It only took a couple of paragraphs this time, but I think I’ve figured it out: Whiney, bleeding heart pacifists who are afraid to wish me a Merry Christmas because they might offend someone within ear shot are bringing me down this year. Where on television have you heard someone say “Merry Christmas?” The news? Nope. Commercials for big-box stores? Nope. TV show promos? Not a one. How about in the newspapers? Heaven forbid any of those lefties let on that there is such an entity as God, but it doesn’t stop them from having a Christmas party… but maybe they call it a holiday party, which is fine, but corner one of them and ask “what holiday?”

That’s the gist of the whole thing, I feel. What holiday? “Happy Holidays” someone tells you. “Season’s Greetings” another adds. What holiday am I supposed to be happy with, and which season is this? Why do we greet a season? I think I’ll start saying “Season’s Greetings” in the Spring. It makes more sense to me. Spring is the season of rebirth. Butterflies emerge from their cocoons. Baby cubs are born. Grass grows out through the last snow. We should greet them. Somebody should.

And there’s another thing. Season’s Greetings is an euphemism for Merry Christmas—they mean Merry Christmas when they say Season’s Greetings, so why don’t they just say it? I don’t like it when people say shoot when they really mean shit or when they say darn it when they mean damn it. What are they hiding? I know what they mean. Instead of me calling someone from the South with a mullet and a 1978 Pontiac Firebird a redneck? He is. It’s obvious. But instead, I might hurt his feelings, so I have to call him demographically challenged.

Yet, I can’t say Merry Christmas because I might offend an atheist who doesn’t believe in Christ, and me merely saying Merry Christmas reminds him that December 25th is celebrating the date we believe that Christ was born (though he probably wasn’t). Why should I care about offending him? Why, as a society, do we cater to all the tiny squeaky wheels in this world? Why should the companies that produce the commercials that I watch care about that? I think they may need to be offended. Some people need their feelings hurt; it lets them know that they aren’t the only people in the world, and in a democracy, the majority should rule. Go cry to God about it if you don’t like it.

There was an episode of “The Simpsons” where Milhouse’s dad was being fired from the cracker factory and the boss was explaining how the cracker business is a family business. He says something to the effect of: “Families eat crackers. Sure, single people may eat them too. We don’t know. In fact, we don’t want to know. Frankly, it’s a segment of the market we could do without.” That’s the attitude companies should have in regards to Christmas. If they don’t want to celebrate Christmas, then they’re not going to by Christmas presents. I can’t imaging a menorah company saying “Happy Holidays” in their advertisements in the hopes of not offending anyone not associated with Chanukah. They’re going to say “Happy Chanukah” because people that don’t celebrate Chanukah aren’t in the market for a menorah.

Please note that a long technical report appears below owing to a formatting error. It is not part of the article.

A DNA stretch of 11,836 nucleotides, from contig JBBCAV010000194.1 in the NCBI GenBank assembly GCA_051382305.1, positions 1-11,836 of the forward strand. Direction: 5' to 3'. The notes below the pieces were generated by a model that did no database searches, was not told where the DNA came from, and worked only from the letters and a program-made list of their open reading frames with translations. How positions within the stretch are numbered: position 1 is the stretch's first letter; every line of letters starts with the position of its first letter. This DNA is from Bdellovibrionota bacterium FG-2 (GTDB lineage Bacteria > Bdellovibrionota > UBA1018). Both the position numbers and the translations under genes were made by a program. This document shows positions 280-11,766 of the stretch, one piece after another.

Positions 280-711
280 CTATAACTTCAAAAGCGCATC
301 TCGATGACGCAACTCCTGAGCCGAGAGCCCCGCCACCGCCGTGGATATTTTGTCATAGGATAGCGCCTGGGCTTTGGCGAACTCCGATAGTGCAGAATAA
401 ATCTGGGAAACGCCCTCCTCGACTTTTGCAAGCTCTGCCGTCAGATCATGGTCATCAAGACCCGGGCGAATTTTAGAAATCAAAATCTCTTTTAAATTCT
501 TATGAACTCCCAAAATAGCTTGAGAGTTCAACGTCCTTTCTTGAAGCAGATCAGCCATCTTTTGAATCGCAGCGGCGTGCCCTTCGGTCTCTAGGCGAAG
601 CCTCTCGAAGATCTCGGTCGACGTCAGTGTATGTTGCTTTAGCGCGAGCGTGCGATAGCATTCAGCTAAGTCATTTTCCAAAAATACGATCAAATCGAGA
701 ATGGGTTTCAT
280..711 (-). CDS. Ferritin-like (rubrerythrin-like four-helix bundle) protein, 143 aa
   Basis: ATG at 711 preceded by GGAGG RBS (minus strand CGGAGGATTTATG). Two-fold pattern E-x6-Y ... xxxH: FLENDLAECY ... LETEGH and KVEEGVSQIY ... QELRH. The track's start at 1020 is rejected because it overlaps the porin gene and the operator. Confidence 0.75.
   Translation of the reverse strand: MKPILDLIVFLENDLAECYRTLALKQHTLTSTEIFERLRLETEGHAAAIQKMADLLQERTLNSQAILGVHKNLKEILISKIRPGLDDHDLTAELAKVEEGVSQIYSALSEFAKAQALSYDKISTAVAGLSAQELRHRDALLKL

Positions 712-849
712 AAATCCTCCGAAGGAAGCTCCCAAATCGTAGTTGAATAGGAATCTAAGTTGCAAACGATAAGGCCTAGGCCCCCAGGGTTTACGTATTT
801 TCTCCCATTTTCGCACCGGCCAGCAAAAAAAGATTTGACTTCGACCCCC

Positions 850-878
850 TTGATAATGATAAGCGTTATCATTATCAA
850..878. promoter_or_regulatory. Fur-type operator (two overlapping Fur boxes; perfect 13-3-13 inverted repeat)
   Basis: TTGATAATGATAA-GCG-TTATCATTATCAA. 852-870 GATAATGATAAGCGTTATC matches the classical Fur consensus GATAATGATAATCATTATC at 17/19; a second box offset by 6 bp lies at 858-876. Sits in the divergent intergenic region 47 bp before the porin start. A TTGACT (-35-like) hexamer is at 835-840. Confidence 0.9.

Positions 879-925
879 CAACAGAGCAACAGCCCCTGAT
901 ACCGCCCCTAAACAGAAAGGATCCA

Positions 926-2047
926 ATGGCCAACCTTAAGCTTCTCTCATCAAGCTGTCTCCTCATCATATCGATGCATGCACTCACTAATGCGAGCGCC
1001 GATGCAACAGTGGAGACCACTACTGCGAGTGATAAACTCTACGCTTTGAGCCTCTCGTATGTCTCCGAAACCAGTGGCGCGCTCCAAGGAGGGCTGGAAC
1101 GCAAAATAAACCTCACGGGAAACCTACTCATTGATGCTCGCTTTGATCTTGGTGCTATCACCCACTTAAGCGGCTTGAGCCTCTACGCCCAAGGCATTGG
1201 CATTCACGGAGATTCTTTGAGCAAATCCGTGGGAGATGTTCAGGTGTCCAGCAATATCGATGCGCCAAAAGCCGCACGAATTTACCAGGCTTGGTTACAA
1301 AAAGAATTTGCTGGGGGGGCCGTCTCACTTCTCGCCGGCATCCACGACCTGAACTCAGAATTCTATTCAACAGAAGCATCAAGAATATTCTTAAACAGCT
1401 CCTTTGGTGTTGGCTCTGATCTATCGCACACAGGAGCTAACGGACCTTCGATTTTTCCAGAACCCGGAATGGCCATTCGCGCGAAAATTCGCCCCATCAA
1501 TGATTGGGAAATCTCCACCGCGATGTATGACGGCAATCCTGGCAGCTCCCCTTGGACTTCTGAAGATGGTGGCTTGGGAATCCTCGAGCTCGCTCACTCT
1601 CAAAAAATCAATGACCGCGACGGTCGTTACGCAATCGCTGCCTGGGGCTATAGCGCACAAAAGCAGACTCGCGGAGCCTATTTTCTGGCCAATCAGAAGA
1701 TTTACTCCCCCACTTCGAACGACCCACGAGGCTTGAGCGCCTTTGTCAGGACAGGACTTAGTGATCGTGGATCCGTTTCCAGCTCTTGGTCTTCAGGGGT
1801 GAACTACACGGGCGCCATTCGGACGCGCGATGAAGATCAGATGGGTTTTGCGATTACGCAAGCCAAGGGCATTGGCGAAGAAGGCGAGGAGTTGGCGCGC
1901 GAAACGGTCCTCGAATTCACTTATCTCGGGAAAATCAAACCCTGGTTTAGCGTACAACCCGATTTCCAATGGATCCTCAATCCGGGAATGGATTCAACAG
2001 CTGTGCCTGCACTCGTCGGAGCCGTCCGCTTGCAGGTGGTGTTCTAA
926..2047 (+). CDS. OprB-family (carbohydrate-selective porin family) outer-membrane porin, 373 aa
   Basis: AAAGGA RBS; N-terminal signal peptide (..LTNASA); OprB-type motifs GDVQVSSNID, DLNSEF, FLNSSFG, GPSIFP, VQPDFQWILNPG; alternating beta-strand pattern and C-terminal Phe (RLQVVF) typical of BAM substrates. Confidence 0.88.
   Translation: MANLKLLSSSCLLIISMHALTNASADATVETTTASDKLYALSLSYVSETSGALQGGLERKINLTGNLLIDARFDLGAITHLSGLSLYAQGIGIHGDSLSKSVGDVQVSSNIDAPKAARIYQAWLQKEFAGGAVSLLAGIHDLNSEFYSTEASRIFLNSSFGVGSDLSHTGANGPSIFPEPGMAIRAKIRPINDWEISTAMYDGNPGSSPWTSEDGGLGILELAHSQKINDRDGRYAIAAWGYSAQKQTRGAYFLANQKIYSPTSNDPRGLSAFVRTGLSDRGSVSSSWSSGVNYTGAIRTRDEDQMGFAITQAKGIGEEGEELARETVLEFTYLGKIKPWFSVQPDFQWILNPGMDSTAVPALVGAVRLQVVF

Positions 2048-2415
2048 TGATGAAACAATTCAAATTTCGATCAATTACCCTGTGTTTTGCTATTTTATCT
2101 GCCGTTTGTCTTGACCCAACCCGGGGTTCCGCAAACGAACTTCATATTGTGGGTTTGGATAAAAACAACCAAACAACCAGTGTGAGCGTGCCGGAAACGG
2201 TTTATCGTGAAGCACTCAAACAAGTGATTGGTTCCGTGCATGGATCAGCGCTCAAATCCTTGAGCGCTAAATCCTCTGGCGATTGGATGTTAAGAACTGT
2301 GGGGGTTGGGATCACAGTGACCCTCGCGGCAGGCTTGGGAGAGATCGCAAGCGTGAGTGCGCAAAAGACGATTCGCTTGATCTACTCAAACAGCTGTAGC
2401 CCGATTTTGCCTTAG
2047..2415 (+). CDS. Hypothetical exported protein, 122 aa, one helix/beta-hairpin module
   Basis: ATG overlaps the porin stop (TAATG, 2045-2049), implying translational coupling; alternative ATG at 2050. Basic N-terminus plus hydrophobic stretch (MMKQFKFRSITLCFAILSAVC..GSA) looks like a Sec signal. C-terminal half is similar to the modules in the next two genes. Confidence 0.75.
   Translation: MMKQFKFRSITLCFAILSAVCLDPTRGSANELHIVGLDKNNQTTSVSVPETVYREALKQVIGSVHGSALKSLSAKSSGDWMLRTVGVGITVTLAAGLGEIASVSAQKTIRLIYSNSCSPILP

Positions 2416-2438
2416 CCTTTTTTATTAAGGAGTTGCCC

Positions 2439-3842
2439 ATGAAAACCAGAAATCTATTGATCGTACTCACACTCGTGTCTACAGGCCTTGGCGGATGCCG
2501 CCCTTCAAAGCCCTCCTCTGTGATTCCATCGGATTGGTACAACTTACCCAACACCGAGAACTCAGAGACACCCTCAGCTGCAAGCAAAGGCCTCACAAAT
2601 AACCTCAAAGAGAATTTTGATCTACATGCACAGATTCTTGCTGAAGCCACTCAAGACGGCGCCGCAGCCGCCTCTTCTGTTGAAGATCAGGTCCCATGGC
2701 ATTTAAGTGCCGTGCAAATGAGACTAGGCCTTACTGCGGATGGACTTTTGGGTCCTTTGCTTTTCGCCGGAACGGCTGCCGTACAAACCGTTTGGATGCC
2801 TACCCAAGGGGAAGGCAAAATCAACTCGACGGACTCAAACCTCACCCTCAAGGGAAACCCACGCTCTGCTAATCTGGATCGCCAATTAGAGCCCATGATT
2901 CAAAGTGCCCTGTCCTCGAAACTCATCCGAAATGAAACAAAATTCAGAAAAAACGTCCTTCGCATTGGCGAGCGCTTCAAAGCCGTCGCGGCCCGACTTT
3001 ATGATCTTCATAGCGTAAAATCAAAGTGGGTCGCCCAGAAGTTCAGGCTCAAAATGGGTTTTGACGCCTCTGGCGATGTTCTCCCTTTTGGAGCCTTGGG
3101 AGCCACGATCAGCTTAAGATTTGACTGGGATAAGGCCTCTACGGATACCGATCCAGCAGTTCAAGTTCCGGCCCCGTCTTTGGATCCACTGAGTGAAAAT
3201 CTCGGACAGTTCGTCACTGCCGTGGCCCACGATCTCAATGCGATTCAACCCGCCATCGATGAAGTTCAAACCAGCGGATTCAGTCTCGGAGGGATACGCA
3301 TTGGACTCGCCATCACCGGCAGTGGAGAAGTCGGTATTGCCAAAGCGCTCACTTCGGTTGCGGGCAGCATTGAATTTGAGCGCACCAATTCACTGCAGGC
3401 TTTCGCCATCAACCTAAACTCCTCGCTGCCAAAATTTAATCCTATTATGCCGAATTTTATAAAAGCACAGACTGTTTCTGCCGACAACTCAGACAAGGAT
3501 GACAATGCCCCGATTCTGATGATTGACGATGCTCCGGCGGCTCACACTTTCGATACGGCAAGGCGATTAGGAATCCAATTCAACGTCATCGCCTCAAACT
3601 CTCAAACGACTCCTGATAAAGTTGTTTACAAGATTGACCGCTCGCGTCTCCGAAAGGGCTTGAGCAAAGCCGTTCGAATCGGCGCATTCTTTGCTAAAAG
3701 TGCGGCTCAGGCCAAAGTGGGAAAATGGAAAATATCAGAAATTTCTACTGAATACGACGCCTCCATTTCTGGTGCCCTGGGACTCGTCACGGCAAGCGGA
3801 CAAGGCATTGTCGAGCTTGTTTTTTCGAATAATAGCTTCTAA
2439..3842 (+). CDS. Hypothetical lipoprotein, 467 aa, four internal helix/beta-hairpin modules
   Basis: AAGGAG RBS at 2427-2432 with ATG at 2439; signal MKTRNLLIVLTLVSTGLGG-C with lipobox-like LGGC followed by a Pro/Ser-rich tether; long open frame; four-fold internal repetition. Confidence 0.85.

It’s like they want us to experience all that Christmas has to offer earlier and earlier each year but they don’t want us to talk about what we’re celebrating. Just give us the money while we finish fleecing you and get ready for Valentine’s day. It’s like going horseback riding where nobody ever talks about the horse. Sure, the owner of the dude ranch is happy because you gave him loads of money to ride the X-orse, and we’re having a great X-orse ride, but Heavens no, don’t mention the X-orse, otherwise you might upset the cowboys or the shepherds.

So, that leads me to believe that Christmas has no purpose anymore. The actual holiday is becoming less and less important, so much so, that we should start doing it in June. At least we could go to the beach and have a bonfire and exchange gifts and it won’t be so cold. Really, what’s the point? We don’t go to church to hear about the real story of Christmas, if you subscribe to the “real” story of Christmas. I haven’t been to a Christmas party yet—a real one--and haven’t in years. You know, where everyone wears those stupid antler headgear, snowman sweaters, eats Christmas-shaped cookies while trying to trick that cute girl to stand under the mistletoe. I don’t remember the last time carolers donned my doorstep and lullabied me with quaint Christmas songs… wait a minute. Do you know why Christmas Carolers have gone the way of the dodo? That’s right, Christmas songs are religious, and we’d sure hate to stroll up to the Schwartzman’s house and start bellowing out “Little Town of Bethlehem.” I’d hate to offend the Schwartzmans, but they don’t seem to mind to put the Star of David in their window, right?

Wouldn’t our faces be red, and that’s the sad part about Christmas these days. People have self-segregated themselves based on their religion, so badly that there are so many different camps around the world, each one secretly celebrating their own thing without pride, joy, happiness and camaraderie. The Jews have Chanukah, the blacks have their made-up Kwanzza, Christians have their Christmas… but everyone have a Happy Holiday. We’re just not telling you which one to have, because you’re not responsible and socially graceful enough to discern the differences that make this a unique and wonderful world.